CWRU to Honor Environmentalist David Suzuki with 2012 Inamori Ethics Prize on Sept. 6
Canadian David Suzuki, an internationally renowned environmentalist and sustainability advocate, will accept Case Western Reserve University (CWRU)’s Inamori Ethics Prize at 6 p.m. Thursday, Sept. 6, at Severance Hall, 11001 Euclid Ave., in Cleveland, Ohio.
“David Suzuki is an outstanding example of ethical leadership on the world stage,” said Shannon French, director of the Inamori International Center for Ethics and Excellence. “He is very passionate and authentic. He has become a powerful voice for protecting biodiversity and preserving the planet for future generations through his work in radio, television and film, as well as his many publications and the efforts of the Suzuki Foundation.”
As part of the ceremony, Suzuki will give the traditional Inamori Ethics Prize lecture discussing his perspective on how his work relates to the ideals of ethics and integrity.
Previous award recipients include Francis Collins, now director of the National Institutes of Health; Beatrice Mtetwa, human rights activist; Stan Brock, founder of the Remote Area Medical organization that provides free health care to those in need, and the first female President of Ireland, Mary Robinson.
Two campus events will precede the awards ceremony on Sept. 6:
- Academic Symposium at noon in Severance Hall featuring panelists Paul Hawken, the national bestselling author of seven books on sustainability and founder of Natural Capital Institute; David Orr, the Paul Sears Distinguished Professor of Environmental Studies at Oberlin College; and Jeremy Bendik-Keymer, the Elmer G. Beamer-Hubert H. Schneider Professor in Ethics and environmental ethicist in the Case Western Reserve’s Department of Philosophy, for a discussion on environmental issues.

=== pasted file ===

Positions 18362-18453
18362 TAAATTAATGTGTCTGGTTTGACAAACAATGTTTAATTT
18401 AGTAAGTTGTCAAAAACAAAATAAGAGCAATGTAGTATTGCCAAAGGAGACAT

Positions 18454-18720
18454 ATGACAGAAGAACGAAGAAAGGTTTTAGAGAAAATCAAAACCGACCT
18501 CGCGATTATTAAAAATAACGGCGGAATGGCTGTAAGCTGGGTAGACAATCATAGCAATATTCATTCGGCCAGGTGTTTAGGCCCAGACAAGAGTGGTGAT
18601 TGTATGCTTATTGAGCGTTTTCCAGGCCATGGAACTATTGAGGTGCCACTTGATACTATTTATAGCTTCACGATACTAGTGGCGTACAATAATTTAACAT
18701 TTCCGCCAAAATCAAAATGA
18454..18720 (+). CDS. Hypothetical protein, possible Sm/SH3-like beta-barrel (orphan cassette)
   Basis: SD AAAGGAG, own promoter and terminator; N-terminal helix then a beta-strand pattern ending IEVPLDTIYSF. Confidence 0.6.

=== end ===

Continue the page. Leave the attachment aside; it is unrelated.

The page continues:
- Eco-Showcase: Engage, Learn and Network follows the symposium at 1:30 p.m. on the Kelvin Smith Library oval (the rain site is the first floor of the library).
Suzuki’s childhood experience taught him early lessons about perseverance when facing adversity. In 1942, the Canadian government interned Suzuki's family during World War II. Unable to speak Japanese like the other children in the camp, Suzuki found solace in the natural world. This experience inspired his determined quest to contribute to society in a meaningful way. The central focus of his work is on protecting the environment and preserving the Earth for future generations.
A celebrated academic, Suzuki earned his doctorate in zoology from the University of Chicago. He worked for more than 40 years as a professor in genetics and at the University of British Columbia's Sustainable Research Development Institute, where he is now professor emeritus.
Suzuki is an acclaimed host, director and producer of more than two-dozen series and documentaries focused on sustainability. Since 1979, Suzuki continues to host The Nature of Things, a CBC television series that airs in nearly 50 countries. Suzuki's most recent film, Force of Nature, won the People's Choice Documentary Award at the 2010 Toronto International Film Festival.
In 1990, Suzuki co-founded the David Suzuki Foundation. The foundation's main missions are transforming the economy, protecting the climate, reconnecting with nature and building communities of individuals who live healthier, more fulfilled and just lives.
Suzuki has received the Order of Canada, the Order of British Columbia, the United Nations Educational, Scientific and Cultural Organization's Kalinga Prize for Science, the United Nations Environment Program Medal, and the United Nations Environmental Program's Global 500. In 2009 he won the Right Livelihood Award. He currently lives in Vancouver, Canada, with his wife, Tara Cullis. He is the father of five children.
All events are free and open to the public. Advance tickets are encouraged for the award ceremony and symposium. To reserve or print free tickets, click here or call the Severance Hall Box Office at 216.231.1111. The Eco-Showcase is a non-ticketed event. For more information, visit the Inamori Center site.
Please note: Nominations are open for the 2013 Inamori Ethics Prize.
Case Western Reserve University is one of the country’s leading private research institutions. Located in Cleveland, we offer a unique combination of forward-thinking educational opportunities in an inspiring cultural setting. Our leading-edge faculty engage in teaching and research in a collaborative, hands-on environment. Our nationally recognized programs include arts and sciences, dental medicine, engineering, law, management, medicine, nursing and social work. About 4,200 undergraduate and 5,600 graduate students comprise our student body. Visit case.edu to see how Case Western Reserve thinks beyond the possible.